Austin suburbs investing in parks, trail systems to maximize quality of life

Austin’s rapidly expanding suburbs are responding to the needs of their residents by enhancing their parks and trail systems. Recognizing the multifaceted advantages of parks – economic, health, and emotional – many of these suburbs have either secured funding or are seeking approval through voter-backed bonds to revamp their parks and trails. Feedback from residents consistently underscores the importance of park enhancements, as they provide opportunities for outdoor activities, connection with nature, and increased social interaction. Moreover, these improvements can significantly boost property values, with estimates ranging from 11% to 16%.

Here’s what we’ve uncovered about suburban areas committed to upgrading their park infrastructure:

Round Rock’s Ambitious Five-Year Bond Plan: Having secured a $230 million bond proposition for parks and recreation, Round Rock is poised to complete 11 projects within the next half-decade. This includes substantial upgrades to their largest park, Old Settlers Park. Construction at Old Settlers Park is scheduled to commence in August 2024, with systemwide enhancements starting in the next four to five months. The bond allocates funds for various amenities within the park, such as a new recreation center, expansion of the Multipurpose Complex, replacement of tennis courts, and broader infrastructure improvements. These upgrades also involve constructing a larger permanent stage for special events, a new restroom facility, an improved playground, and extensive road and bridge enhancements. All these changes reflect the city’s commitment to keeping pace with its remarkable population growth, which has surged from 12,740 to 126,697 since the park’s initial construction. The city also recognizes the need to replace the playground due to wear and tear from constant use.

Other improvements in the bond plaan include:

  • A new recreation center to house Parks and Recreation administration offices at Old Settlers Park.
  • An expansion of the Rock’N River Water Park.
  • Citywide trail expansion to include the completion of Heritage Trail.
  • Improvements at Play for All Park to replace playground equipment.
  • Development of the Lawn at Brushy Creek.
  • Systemwide park improvements such as playgrounds, courts, LED light conversions and irrigation improvements through city parks.
  • A remodeling of the Clay Madsen Recreation Center to include a locker room redo and expansions of the weight room, multipurpose rooms and gymnasium.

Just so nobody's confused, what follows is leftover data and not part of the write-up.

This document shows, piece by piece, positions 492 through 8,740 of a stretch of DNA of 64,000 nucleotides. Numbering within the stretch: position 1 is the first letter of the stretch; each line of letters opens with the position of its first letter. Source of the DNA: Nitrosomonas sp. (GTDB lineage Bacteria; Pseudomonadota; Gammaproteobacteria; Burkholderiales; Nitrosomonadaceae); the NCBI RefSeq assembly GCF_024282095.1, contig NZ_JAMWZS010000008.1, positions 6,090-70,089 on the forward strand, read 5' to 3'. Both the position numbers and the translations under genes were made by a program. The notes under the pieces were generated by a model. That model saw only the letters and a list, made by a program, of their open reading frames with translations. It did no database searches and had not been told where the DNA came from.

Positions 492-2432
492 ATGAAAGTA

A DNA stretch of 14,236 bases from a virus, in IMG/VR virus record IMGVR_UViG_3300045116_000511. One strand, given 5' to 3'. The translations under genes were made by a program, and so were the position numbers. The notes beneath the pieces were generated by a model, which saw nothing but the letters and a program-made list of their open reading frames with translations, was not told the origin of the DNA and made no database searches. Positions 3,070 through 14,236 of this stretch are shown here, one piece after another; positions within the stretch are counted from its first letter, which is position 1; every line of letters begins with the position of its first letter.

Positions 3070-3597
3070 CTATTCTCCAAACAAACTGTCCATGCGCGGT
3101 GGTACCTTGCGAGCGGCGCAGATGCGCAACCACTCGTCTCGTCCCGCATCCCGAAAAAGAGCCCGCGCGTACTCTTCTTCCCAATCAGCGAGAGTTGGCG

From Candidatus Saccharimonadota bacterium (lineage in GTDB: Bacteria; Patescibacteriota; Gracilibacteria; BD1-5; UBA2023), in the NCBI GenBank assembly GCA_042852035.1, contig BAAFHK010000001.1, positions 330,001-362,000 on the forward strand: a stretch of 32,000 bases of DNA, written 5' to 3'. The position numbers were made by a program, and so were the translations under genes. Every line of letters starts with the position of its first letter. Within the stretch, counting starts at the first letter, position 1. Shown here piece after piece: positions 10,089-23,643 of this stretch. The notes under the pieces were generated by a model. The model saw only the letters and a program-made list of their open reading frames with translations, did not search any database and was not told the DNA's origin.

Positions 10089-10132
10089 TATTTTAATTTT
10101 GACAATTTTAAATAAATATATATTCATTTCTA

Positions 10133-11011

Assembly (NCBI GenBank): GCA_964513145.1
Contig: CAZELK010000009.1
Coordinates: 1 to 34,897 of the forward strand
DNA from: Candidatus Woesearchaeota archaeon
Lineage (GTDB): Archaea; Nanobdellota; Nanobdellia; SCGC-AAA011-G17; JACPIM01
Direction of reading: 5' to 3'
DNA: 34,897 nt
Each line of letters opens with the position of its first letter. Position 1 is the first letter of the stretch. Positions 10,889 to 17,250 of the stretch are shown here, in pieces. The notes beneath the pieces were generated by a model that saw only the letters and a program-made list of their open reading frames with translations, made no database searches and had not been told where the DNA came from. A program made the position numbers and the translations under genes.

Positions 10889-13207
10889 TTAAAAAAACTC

• An expansion of the Round Rock Sports Center.
  • An outdoor track in Old Settlers Park.
  • Multipurpose athletic fields.
  • Land acquisition, design, equipment, drainage and other related costs for the projects.

Pflugerville’s Post-Bond Progress: Following a voter-approved bond referendum in 2020, which allocated $43.3 million for parks and recreation projects, Pflugerville has embarked on several initiatives. These include Phase 2 developments at 1849 Park and Lake Pflugerville, investment in neighborhood parks, land acquisition, trail improvements, and the creation of a destination playground. Notably, all trail projects have been completed, effectively closing gaps in the city’s extensive trail network. Furthermore, expansion projects for baseball and softball fields at 1849 Park are set for completion by year-end. Additional enhancements are in the works for various neighborhood parks, including the possibility of a dog park and further developments at Kelly Lane Park. The commitment to investing in parks is driven by their immeasurable contribution to residents’ quality of life and the city’s recognition of their role in creating a vibrant community.

San Marcos’ Pathway for Connectivity: In San Marcos, plans are underway to link the east and west sides of the city with a 1.7-mile extension known as the San Marcos River Shared Use Pathway. This trail will provide crucial connectivity for the city’s Visitor Center, 12 parks, downtown area, and Texas State University. The extension, slated to pass under Interstate 35 and its access roads, promises safer pedestrian and cyclist access for residents, addressing a long-standing community need. A request for community funding of $986,346 has been submitted to U.S. Rep. Greg Casar, D-Austin, with congressional consideration expected by year-end. Additionally, the city will replace its oldest playground, damaged by a drunken driver, with a new one in City Park, featuring outdoor fitness equipment, a ninja course, and accessibility for individuals with disabilities. The city maintains a commitment to updating playgrounds every five to ten years to ensure quality recreation options for its residents.

Williamson County’s Ambitious Bond Proposal: On November 7th, Williamson County voters will decide on a $59 million bond proposal aimed at park improvements and acquisitions in this rapidly growing region. Among the prominent projects are future parkland development, expansion of the Expo Center in Taylor, construction of an adventure course at Twin Lakes Park, trail connectivity improvements, and trail construction along Berry Creek. These initiatives reflect Williamson County’s commitment to enhancing its park infrastructure to meet the needs of its residents and the demands of a growing community.

In conclusion, the suburbs surrounding Austin are making significant investments in their parks and recreational facilities, recognizing the vital role these spaces play in enhancing the lives of residents and boosting property values. These projects represent a commitment to quality of life, community well-being, and creating vibrant, sustainable neighborhoods for current and future generations.

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